Direct Democracy and the Prohibition of the Binding Mandate: The Italian Debate

16 Pages Posted: 15 Apr 2014 Last revised: 27 May 2014

See all articles by Elena Falletti

Elena Falletti

Carlo Cattaneo - LIUC University

Date Written: April 14, 2014

Abstract

One of the most controversial topics of the current political debate in Italy is about the prohibition of the binding mandate previewed by art. 67 of the Italian Constitution. In a context of collective distrust in politics and in the administration of public affairs, a new party, the Movimento Cinque Stelle, (hereinafter, M5S), has exploded collecting 25% of votes. One of the points of the M5S' program was the claim that its MPs are only spokepersons of the voters, without any autonomy from them. One of the campaign promises was that they would submitted bills to be deposited in Parliament to public judgment through the use of an online platform. To participate in these debates, Italian citizens have to register to the online platform with a scanned copy of their ID document. However, this online platform is not neutral, because it belongs to Beppe Grillo's blog. Beppe Grillo is the founder and the political leader of M5S, but he did not run in the political campaign. This circumstance presents problems of net neutrality, privacy and use of participants' personal data. Beppe Grillo's staff declared that the platform has around 90,000 certified subscribers, whilst the M5S' electors number almost 9 million. This is a huge element of controversy: can a minority be involved in the MPs' commitment, when each MP represents the whole Nation? Furthermore, political debate among M5S' supporters, critics, and MPs has been developed on social network such as Facebook and Twitter, especially on political representatives' personal pages. This phenomenon is connected with the advent of the Internet in political participation and the purpose of this paper is to understand how to balance the contribution of the direct participation of the electorate with the prohibition of binding parliamentary mandate present in the Italian Constitution.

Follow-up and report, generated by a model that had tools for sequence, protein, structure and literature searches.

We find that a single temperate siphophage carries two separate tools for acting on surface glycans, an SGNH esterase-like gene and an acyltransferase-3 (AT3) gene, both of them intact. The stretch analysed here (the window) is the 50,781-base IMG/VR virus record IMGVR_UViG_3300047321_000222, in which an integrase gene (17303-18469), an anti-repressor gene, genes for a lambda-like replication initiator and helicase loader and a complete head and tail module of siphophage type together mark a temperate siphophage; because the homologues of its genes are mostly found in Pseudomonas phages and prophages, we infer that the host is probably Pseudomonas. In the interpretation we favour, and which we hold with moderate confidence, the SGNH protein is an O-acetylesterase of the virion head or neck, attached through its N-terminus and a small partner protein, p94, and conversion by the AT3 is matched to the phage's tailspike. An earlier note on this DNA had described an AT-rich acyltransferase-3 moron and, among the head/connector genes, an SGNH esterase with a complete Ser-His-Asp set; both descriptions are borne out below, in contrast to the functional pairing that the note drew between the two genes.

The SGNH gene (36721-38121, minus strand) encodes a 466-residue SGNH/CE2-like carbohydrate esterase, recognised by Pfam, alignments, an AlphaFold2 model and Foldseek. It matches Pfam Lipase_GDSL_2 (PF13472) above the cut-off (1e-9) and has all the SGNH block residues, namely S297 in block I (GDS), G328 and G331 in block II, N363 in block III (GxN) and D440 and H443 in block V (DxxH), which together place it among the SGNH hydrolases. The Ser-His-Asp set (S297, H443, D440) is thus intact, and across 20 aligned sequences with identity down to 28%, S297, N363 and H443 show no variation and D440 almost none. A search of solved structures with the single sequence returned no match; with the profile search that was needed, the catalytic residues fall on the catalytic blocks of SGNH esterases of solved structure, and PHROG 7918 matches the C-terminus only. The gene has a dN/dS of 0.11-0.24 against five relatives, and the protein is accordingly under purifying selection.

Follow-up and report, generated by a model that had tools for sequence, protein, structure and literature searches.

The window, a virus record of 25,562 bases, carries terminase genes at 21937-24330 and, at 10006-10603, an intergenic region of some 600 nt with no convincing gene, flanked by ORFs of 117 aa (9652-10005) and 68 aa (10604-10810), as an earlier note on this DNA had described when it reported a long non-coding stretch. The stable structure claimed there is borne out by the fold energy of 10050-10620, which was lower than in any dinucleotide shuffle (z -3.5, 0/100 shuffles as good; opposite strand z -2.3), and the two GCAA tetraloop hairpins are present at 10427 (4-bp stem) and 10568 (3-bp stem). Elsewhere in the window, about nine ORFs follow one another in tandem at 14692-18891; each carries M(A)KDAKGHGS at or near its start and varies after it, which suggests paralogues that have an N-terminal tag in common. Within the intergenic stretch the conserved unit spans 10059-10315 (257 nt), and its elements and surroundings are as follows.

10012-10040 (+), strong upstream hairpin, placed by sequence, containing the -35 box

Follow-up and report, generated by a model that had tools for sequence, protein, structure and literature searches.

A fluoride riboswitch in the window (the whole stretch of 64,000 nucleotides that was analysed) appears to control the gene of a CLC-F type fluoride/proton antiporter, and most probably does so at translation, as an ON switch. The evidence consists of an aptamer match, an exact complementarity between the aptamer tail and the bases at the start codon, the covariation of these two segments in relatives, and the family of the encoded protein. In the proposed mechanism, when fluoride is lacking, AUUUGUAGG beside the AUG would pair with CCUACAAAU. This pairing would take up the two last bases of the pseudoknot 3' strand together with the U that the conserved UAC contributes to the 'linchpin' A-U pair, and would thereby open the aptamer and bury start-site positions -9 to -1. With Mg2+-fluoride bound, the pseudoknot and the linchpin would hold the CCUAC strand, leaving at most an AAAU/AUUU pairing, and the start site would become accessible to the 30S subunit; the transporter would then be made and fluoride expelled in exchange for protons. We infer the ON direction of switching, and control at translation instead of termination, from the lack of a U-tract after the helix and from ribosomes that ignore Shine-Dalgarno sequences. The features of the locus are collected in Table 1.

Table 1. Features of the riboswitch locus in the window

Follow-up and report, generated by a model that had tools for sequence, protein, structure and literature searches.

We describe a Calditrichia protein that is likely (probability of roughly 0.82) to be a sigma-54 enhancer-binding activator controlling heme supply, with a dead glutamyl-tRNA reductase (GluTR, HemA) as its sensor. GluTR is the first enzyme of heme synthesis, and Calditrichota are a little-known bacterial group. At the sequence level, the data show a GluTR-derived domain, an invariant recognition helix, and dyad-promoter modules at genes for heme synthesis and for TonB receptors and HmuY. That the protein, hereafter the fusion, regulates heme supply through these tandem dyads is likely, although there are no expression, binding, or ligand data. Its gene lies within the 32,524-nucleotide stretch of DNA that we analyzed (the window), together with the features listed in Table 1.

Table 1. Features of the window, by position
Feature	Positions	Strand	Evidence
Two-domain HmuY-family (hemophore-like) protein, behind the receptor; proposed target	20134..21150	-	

Keywords: prohibition of binding mandate

JEL Classification: K19

Suggested Citation

Falletti, Elena, Direct Democracy and the Prohibition of the Binding Mandate: The Italian Debate (April 14, 2014). Available at SSRN: https://ssrn.com/abstract=2424685 or http://dx.doi.org/10.2139/ssrn.2424685

Elena Falletti (Contact Author)

Carlo Cattaneo - LIUC University ( email )

Corso Matteotti 22
Castellanza, Varese 21053
Italy

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